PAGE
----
How to Clean Every Mushroom Type the Right Way

To soak or not to soak? To brush or not to brush? Learn how to clean portobello mushrooms and other favorite varieties with our helpful guide.

washing mushrooms
Photo: Con Poulos

There is a myth in the cooking world's collective memory that says washing mushrooms is a bad idea—but this isn't true. Mushrooms are mostly water, so a little more is not going to change their flavor or texture. These fungi also lose moisture when they are exposed to heat, which means any extra water is simply going to cook out. The takeaway? You can wash mushrooms with a clear conscience. We're here to help: Learn how to clean all the different varieties of mushrooms the right way with our helpful guide.

There's just one caveat: Wash mushrooms just before you need them, since unwashed mushrooms last longer in the refrigerator.

How to Clean Portobello, Button, and Cremini Mushrooms

Common store-bought mushrooms like portobello, cremini, buttons, and shiitakes often arrive with some peaty-smelling growing medium clinging to their caps. Cleaning every single cap with a cute mushroom brush is perhaps a therapeutic meditation, but bad for time management. Here's how to speed things up:

  • De-stem the mushrooms (save the stems to use in stuffing or broths).
  • Fill a large bowl with water and dunk the mushrooms into it. Swirl the water around with your hands, and drain the mushrooms at once.
  • Lay the mushrooms on a double layer of cotton dish towels and pat them dry.

Cleaning Oyster, Maitake, and Other Cultivated Wild Mushrooms

Yes, the term "cultivated wild mushrooms" is an oxymoron, but we think you know what we mean. These mushrooms can be washed, too.

Oyster Mushrooms

Storebought oyster mushrooms should be washed like buttons or portobello. Note that they tend to be very clean.

Hen of the Woods

Also known as maitake, this mushroom requires a gentle touch. Its caps are very delicate (at least when cultivated) and tend to break.

  • Trim their ends, and soak the mushrooms for five minutes.
  • Drain, and dry very well and carefully; a salad spinner is perfect for removing moisture from the frills. (If you don't have a salad spinner; bundle them gently into a thin cotton dish towel and swing them like a windmill. This is best done outside.)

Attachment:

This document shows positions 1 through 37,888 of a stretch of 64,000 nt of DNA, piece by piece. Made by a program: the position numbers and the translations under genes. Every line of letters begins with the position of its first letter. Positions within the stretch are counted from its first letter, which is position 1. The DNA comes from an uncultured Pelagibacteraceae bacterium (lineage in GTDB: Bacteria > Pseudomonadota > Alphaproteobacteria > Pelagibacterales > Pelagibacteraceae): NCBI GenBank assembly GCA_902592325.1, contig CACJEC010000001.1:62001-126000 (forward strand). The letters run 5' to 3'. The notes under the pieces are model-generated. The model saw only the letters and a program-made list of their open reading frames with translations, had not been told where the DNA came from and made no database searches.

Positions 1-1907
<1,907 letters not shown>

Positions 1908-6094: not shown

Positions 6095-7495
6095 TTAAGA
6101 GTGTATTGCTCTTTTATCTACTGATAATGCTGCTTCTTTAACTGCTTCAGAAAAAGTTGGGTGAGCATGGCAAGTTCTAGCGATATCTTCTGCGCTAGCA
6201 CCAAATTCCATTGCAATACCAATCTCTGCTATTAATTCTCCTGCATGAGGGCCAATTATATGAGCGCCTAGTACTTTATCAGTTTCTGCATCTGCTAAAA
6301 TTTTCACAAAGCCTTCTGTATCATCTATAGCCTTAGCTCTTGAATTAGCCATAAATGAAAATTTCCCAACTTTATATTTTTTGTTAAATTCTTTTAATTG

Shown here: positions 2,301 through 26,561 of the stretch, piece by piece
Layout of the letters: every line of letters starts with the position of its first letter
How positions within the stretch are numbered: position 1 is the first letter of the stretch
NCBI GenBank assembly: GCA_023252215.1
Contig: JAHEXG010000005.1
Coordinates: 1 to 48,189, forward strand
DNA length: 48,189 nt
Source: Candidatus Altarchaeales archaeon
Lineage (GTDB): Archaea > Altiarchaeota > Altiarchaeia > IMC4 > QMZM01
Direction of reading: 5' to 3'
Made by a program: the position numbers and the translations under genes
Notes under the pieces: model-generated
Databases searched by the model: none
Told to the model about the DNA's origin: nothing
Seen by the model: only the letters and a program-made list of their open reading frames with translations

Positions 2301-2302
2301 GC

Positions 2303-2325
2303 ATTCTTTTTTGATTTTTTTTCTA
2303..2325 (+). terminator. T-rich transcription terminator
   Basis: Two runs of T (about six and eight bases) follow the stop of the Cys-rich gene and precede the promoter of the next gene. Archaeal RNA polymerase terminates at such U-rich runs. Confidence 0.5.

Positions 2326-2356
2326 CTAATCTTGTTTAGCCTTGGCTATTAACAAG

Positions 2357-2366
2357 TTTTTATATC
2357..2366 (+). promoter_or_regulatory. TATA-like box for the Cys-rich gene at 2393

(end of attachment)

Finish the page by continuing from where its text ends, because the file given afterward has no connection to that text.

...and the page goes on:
How to Clean Chanterelles, Morels, and Other Wild-Foraged Mushrooms

It makes sense that these mushrooms need more careful cleaning, since they are wild foraged and may have dirt or grit from the woodland floor or harbor bugs.

Wild Hen of the Woods

Unlike the delicate cultivated hen of the woods, the wild hen is a much larger and sturdier mushroom. It grows at the base of trees or on tree roots on the ground and can be gritty and should be washed more aggressively.

  • Cut the mushroom into pieces before washing.
  • Submerge the pieces and agitate to move them around in the water.
  • Remove, check all dirt and grit has been removed, and pat dry between clean kitchen towels.


Chanterelles are wild summer mushrooms that are either pristine or covered with the duff of the forest floor, depending on where they were collected. Whether you have foraged them yourself or bought them (they cannot be cultivated), check chanterelles carefully for tiny bug holes at the stem end. If there are no bug holes, wash them following the method for wild hen of the woods.

If you do see tell-tale pinpricks, heed these tips:

  • Add salt to the washing water: 1 tablespoon per 4 cups of water. Swoosh to dissolve the salt, then add the mushrooms. Soak the mushrooms for 20 minutes.
  • Drain and repeat.
  • Dry the mushrooms on a double layer of cotton dish towels.

The salty water will evict any tiny creatures. This method works for any foraged mushroom that may be harboring critters, but that is usually only an issue in summer.


Morels' honeycomb-texture makes them an exception when it comes to cleaning mushrooms. They need to be brushed before they are halved and cleaned.

  • Brush them using a mushroom brush. Halve them lengthwise (they are hollow inside).
  • Wash the halved morels by swooshing in a bowl of water.
  • Dry in a salad spinner.

If you wish to keep the morels whole, brush them and wash as directed above. Then change the water and wash again, before drying in a salad spinner.

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